There are several different types of cancer of the ovary, and as the ovary is the source of eggs for fertilisation and growth into new humans, the cells in the ovary, when cancerous, may develop into many different types of tissue. One of the most unusual and serious types of ovarian cancer is a teratoma, in which all types of strange tissue may develop, including gland tissue, muscle tissue and even teeth.
Cancer of the ovary is a relatively uncommon cancer, but it is a particularly nasty one as there are few symptoms and it cannot be detected until it is well advanced.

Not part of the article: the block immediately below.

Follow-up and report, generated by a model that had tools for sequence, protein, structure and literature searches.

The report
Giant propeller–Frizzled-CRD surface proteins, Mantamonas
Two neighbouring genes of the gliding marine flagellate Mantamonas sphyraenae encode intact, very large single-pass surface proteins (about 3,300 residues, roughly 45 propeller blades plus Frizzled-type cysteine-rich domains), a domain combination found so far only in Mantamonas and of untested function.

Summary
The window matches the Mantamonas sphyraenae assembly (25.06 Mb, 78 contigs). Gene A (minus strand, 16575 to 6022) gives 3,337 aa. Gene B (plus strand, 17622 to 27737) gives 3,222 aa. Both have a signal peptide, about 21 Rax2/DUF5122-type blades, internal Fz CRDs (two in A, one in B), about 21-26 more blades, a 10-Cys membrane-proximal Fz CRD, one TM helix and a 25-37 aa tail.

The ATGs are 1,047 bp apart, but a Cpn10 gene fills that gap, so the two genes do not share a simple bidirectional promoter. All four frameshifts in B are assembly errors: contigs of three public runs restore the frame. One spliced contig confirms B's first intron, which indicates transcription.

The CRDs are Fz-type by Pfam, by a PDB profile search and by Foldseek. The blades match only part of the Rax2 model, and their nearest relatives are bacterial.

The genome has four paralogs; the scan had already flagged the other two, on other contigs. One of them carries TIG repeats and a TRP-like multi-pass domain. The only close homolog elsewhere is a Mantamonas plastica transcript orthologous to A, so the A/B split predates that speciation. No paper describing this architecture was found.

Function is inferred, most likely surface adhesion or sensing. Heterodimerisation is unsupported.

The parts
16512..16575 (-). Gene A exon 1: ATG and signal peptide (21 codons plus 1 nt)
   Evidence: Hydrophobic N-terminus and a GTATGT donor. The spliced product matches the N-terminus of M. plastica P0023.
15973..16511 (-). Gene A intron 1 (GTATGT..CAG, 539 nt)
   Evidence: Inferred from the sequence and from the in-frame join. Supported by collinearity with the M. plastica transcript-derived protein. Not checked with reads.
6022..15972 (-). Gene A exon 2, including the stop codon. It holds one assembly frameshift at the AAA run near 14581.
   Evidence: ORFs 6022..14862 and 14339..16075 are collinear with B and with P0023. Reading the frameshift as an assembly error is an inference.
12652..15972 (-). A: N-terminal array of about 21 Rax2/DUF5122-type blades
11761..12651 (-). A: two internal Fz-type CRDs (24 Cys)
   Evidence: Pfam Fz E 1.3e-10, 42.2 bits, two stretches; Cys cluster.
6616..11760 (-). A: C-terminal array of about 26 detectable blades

About 900 women in Australia will develop cancer of the ovary every year, and the majority of them will be over 60 years of age. Interestingly, the incidence in Tasmania is almost twice that of mainland states, but the reason for this is unknown. The overall Australian incidence is considerably lower than that of most developed countries.
Most women present with a large, painless lump in the lower abdomen, or with a pelvic discomfort. A CT scan of the pelvis is the easiest way to diagnose the presence of a tumour, and an operation will then be performed to remove the tumour and determine its type.
Drug treatment (chemotherapy) with cytotoxics is important in the treatment of ovarian cancer. A number of different drugs may be used, and they often slow or control the spread of the cancer to other parts of the body.
The overall five-year survival rate for all ovarian cancer patients is only 35%.